8. You were experiencing symptoms? I'd love to have gotten a wear indicator reading on your old oil. I can read this with the iCarScan, and the factory service manual gives a maximum value. This is what the manual says: WM 0335IN DIAGNOSTIC MAINTENANCE: RESETTING DIAGNOSTIC SYSTEM AND SERVICE INTERVAL (CAYENNE, CAYENNE S, CAYENNE S E-HYBRID, CAYENNE TURBO, CAYENNE (3.0), CAYENNE GTS & CAYENNE TURBO S) > RESETTING SERVICE INTERVAL > READING OUT TRANSFER GEAR WEAR INTEGRATOR The transmission wear integrator oil must be checked during every intermediate maintenance/maintenance. 1. Start PIWIS Tester II 9818 and follow the instructions on the Tester. 2. Select the vehicle type and start the PIDT. 3. Select the All-wheel menu. 4. Select the Actual values, input signals menu. 5. Select the T_wear integrators menu. Press [F12] to continue. 6. Read out the value for V40 transmission wear integrator - oil . If this value is greater than 145 kWh , the oil in the transfer gear must be changed → Changing oil for transfer gear. If the value is lower, no further action is required. 7. If the oil in the transfer gear has been changed, the value must be deleted and reset to zero by pressing [F8] FWIW - I have no idea why this measurement is in kiloWatt hours (kWh) - http://www.energylens.com/articles/kw-and-kwh since that's a measurement of energy
  9. The BMW stuff is identical to the Porsche original spec oil. And it seems much more readily available (but not any cheaper.)
  10. I'm thinking of taking a sample when I change mine and have Blackstone look at it. I'll have to contact them and see if they have any virgin samples to compare it to..
  11. Rated capacity is 0.85L. It pretty much sits mostly in the bottom of the chain case part until it starts moving then the chain drags some up to the top where it splashes around and lubricates the planetary gear and the clutch assembly. I've found the Porsche capacity listings are pretty accurate (my engine takes exactly 10 quarts of oil- which is 9.5L (9.46353, but who's counting..)
  12. Loren - any TSB on what oil is used in the transfer case on a '11 Cayenne Turbo?  Pelican is claiming 000-043-301-36-OEM has been superseded by 00-403-305-63-OEM.  The first oil seems to be a fairly common GL5 Shell TF-0870 spec oil. Dunno what the second oil is.

     

    Any clarification would be wonderful. I'm about to change the lifetime fluid to prevent a short life.

     

    TIA!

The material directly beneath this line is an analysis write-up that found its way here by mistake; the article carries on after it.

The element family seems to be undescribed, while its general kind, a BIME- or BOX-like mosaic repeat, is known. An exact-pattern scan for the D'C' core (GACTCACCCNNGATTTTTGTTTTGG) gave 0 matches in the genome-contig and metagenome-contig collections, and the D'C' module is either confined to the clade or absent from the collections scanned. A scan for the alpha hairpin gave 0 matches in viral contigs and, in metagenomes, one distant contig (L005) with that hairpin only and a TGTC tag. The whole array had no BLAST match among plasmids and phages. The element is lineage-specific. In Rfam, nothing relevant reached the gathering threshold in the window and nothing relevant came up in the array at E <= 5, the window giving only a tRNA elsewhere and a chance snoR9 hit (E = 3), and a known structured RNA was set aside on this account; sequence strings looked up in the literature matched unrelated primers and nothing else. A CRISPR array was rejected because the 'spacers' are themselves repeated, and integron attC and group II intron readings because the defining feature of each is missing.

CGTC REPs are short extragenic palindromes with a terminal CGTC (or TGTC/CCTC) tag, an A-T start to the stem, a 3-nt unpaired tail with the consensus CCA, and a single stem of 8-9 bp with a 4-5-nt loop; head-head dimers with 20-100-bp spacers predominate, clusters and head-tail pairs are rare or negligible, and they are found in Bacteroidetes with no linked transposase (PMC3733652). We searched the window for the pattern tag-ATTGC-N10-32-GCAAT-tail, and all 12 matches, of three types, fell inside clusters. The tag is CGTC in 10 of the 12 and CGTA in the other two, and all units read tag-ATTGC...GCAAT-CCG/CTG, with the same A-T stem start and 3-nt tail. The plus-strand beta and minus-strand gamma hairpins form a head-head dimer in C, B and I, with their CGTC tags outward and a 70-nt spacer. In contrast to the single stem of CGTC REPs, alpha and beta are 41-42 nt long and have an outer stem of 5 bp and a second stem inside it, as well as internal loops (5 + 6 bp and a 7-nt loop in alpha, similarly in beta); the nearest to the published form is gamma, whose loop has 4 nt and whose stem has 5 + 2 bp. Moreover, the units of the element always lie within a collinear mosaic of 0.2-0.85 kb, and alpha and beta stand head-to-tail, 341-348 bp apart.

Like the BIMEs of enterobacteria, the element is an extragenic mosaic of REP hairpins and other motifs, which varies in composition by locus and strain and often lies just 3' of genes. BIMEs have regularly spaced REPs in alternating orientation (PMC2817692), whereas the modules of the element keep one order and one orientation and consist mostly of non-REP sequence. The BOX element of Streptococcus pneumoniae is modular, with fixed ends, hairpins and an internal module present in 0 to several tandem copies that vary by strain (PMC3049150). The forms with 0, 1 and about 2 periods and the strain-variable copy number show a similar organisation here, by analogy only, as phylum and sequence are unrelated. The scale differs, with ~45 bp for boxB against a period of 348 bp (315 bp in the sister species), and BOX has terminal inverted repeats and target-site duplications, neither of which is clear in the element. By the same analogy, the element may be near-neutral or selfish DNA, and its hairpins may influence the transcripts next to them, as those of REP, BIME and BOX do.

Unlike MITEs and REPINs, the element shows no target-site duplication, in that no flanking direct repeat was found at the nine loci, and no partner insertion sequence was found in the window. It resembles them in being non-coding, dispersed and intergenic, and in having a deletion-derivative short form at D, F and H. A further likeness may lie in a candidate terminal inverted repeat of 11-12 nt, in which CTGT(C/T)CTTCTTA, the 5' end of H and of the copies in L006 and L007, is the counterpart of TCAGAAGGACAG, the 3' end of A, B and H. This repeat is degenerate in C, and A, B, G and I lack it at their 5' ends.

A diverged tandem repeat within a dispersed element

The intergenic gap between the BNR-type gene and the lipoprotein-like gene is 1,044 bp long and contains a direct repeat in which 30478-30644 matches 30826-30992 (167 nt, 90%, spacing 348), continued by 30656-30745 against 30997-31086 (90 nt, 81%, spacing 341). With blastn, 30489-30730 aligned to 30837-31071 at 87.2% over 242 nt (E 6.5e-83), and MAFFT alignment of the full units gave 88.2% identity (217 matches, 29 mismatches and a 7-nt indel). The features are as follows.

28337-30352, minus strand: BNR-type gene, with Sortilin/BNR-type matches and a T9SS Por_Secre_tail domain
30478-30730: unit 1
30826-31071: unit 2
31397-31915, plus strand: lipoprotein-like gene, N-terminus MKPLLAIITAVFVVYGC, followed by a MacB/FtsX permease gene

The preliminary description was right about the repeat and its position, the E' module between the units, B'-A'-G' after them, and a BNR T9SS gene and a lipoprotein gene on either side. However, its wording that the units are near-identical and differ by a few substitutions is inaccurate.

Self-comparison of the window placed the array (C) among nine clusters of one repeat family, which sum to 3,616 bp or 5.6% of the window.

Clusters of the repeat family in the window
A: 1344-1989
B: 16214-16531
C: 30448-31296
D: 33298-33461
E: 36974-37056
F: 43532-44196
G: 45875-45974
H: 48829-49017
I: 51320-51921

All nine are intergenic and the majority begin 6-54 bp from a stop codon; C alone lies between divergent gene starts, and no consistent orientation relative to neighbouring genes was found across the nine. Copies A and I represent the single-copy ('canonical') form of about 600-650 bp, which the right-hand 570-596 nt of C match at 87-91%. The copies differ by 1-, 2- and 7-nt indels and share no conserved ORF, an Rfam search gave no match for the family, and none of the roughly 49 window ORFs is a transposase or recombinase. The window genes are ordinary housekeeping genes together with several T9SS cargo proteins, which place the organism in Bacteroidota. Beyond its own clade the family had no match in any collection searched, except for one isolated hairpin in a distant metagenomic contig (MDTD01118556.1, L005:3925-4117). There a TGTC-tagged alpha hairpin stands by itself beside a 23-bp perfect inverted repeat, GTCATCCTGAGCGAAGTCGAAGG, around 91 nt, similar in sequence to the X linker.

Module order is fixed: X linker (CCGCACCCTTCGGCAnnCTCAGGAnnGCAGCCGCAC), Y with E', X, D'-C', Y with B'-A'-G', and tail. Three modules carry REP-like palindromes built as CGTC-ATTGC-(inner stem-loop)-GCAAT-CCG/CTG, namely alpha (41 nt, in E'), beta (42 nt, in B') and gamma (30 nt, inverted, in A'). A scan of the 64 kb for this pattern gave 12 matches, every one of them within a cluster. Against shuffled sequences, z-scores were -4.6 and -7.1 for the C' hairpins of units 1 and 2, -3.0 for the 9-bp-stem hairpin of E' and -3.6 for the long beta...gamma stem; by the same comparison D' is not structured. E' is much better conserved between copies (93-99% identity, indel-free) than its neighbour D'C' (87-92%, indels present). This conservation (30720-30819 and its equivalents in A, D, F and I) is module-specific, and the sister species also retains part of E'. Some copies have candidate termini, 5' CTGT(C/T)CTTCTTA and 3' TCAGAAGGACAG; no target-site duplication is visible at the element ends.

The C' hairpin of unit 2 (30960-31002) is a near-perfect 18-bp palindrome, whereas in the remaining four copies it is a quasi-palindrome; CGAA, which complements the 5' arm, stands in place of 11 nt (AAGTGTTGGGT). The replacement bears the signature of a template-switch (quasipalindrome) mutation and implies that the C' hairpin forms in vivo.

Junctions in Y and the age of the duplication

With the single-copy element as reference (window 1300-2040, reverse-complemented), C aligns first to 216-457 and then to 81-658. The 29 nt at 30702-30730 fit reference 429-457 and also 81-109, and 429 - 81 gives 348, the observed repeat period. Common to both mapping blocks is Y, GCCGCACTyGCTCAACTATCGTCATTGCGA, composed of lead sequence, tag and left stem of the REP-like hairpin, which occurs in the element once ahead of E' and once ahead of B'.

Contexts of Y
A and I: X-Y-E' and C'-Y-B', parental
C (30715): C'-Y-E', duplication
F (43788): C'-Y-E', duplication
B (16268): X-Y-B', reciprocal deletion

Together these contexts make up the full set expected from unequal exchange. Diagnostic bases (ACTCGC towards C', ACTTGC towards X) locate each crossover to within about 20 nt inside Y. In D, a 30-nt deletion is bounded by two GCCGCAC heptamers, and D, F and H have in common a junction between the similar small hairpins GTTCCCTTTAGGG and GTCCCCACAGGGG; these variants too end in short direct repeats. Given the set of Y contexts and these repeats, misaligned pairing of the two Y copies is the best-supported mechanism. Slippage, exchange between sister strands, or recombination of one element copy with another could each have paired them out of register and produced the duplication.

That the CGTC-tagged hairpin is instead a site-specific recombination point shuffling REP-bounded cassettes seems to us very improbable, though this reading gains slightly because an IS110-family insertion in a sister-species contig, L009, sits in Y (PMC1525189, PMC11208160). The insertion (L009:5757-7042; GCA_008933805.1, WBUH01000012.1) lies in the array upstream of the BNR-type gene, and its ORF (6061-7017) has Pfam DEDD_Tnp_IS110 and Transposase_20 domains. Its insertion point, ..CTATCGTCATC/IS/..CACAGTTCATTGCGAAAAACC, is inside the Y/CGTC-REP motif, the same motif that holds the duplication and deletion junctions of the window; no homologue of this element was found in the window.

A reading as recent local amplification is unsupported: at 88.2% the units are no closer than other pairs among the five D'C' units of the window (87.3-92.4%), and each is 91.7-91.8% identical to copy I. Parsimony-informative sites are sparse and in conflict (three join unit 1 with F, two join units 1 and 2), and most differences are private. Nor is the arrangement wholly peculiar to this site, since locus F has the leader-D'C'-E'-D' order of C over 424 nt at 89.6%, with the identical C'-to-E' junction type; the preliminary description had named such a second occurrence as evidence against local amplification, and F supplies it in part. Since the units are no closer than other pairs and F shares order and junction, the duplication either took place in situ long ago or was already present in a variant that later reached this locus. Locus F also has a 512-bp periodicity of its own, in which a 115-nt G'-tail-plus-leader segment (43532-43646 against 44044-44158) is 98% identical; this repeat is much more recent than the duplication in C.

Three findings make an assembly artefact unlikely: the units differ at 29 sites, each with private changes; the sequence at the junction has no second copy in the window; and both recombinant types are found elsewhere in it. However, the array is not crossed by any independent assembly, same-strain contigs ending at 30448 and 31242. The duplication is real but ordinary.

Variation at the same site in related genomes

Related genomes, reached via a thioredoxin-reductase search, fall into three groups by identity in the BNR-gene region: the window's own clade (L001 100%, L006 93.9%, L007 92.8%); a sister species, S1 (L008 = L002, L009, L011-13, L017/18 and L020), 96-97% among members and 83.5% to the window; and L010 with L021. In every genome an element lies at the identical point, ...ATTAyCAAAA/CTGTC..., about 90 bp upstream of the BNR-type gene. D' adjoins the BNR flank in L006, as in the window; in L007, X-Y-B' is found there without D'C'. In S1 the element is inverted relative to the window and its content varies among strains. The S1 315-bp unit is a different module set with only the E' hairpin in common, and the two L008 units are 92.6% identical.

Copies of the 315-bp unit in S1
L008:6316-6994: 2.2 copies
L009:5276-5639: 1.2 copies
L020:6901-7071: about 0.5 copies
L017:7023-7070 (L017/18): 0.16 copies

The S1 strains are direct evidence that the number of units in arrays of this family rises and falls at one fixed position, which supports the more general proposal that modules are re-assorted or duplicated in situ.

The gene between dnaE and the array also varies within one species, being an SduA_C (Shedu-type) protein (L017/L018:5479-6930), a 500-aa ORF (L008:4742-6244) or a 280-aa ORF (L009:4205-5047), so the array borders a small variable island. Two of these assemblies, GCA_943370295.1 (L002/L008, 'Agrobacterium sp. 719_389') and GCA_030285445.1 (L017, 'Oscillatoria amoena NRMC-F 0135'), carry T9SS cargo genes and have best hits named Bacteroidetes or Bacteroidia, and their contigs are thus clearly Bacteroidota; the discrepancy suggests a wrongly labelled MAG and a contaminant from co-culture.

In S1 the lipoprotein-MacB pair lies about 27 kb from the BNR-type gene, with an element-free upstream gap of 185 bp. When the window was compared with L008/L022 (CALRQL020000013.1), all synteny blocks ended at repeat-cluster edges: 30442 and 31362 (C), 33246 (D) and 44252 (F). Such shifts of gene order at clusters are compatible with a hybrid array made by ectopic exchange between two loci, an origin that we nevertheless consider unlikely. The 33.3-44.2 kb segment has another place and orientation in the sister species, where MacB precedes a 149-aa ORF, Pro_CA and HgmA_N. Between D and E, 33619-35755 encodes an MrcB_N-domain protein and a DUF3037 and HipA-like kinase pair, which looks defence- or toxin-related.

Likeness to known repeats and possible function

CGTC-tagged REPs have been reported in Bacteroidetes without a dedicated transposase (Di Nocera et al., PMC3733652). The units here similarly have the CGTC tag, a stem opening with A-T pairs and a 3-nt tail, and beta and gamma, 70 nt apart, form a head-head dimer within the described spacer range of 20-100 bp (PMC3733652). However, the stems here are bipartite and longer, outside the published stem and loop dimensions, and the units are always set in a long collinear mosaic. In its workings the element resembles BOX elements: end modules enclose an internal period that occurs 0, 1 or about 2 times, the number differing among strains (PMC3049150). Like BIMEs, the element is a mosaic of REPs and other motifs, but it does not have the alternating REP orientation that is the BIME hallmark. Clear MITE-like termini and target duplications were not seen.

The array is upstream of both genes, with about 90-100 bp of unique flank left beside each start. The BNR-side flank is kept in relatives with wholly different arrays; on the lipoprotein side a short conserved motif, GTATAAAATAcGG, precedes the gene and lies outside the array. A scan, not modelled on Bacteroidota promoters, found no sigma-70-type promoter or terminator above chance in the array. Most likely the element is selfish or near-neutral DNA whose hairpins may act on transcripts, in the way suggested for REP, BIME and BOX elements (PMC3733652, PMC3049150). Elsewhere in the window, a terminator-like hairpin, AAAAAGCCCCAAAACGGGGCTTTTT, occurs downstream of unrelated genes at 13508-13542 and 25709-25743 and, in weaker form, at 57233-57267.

13. An update - this is also posted on 6-speed-on-line, so if you browse the 958 forum there, you may have seen it already. But in the hopes of bringing some technical activity to RENNTECH - here goes: In one thread somewhere (?) a chap showed a photo of his repair bill for the new transfer case ("X-case" from now on) he received. He mentioned that Porsche had changed the design and that included a modified X-case vent that vented up higher. On his repair order was the PN of the vent - 958-301-047-10. Available from Sunset Porsche for $28.71 (plus shipping.) I thought I'd drop by my FLD* and give them a shot at it, and see if I could glom any more info. Turns out it was a good day to do that since they just finished replacing a X-case on a 958 /S - and had the old one on the shop floor waiting to get boxed up and returned to Porsche. What I found out: - The X-cases are still made by the same manufacturer. Indeed - the ones available are generally REBUILT ones done by that manufacturer. So - same basic design. - The vent IS a change. On the existing X-Case the vent comes right out of the top of the large cylindrical part of the case (where the clutch lives) and is capped by one of the rather common fish-mouth sort of rubber caps that Porsche so loves (they are a sort of 1-way device - at least supposed to be for moisture. Maybe.) This cap just slips over a small hose sort of fitting that threads into the top of the case. The idea being that air can pass through the fish-mouth part of it Took forever to find this: Transfer Case Vent - photo shamelessly borrowed from eBay. The old transfer case was right there - so I got to look closely at it. As part of the kit - the fitting on top of the case is unscrewed and a new fitting screwed in that connects to a corrugated plastic tube (Porsche is SO fond of these..) The plastic tube is then run up the firewall into the engine compartment - with all sorts of neat fittings and clips and tie-off points. The idea being - move the input to the vent to a dry heated area. Problem is - the clearance isn't there to do this replacement with the X-Case in the vehicle. BUT - my thinking is - simply remove the rubber cap/seal - put some high-temperature teflon tubing over the end of the existing fitting and run that up into the engine compartment. Come up with some way of using the existing rubber-seal on the end of that tubing. So - that's the plan. I'll be doing this while changing the X-case fluid. The shop-lead mentioned that the fluid is spec'd as "Lifetime" fill - and I just pointed to the X-case sitting on the shop floor - that apparently had exceeded it's lifetime. He agreed that a change of fluid is probably a good idea. Next challenge - which fluid? There is 000-043-301-36OEM - which was "superseded" by 000-043-305-63OEM. Cost at the dealer was around $75. Cost from Sunset Porsche is $47. I gave the dealer a chance to make the sale - but the difference is simply too much, even figuring I'll have to pay shipping from Sunset. The first oil is also available from Pelican for less $$, but I think I'm going with the new oil. Oh - one other change the shop lead mentioned they make to the new X-case - is a new slinger on the output spline shaft, apparently to toss water differently from how it's tossed now if the vehicle is driven in heavy rain or water. They were told that the "fix" for the cases is to keep the fluid from getting contaminated - and that's the reason for these modifications. I'll try to remember to take some photos. * FLD = Friendly Local Dealership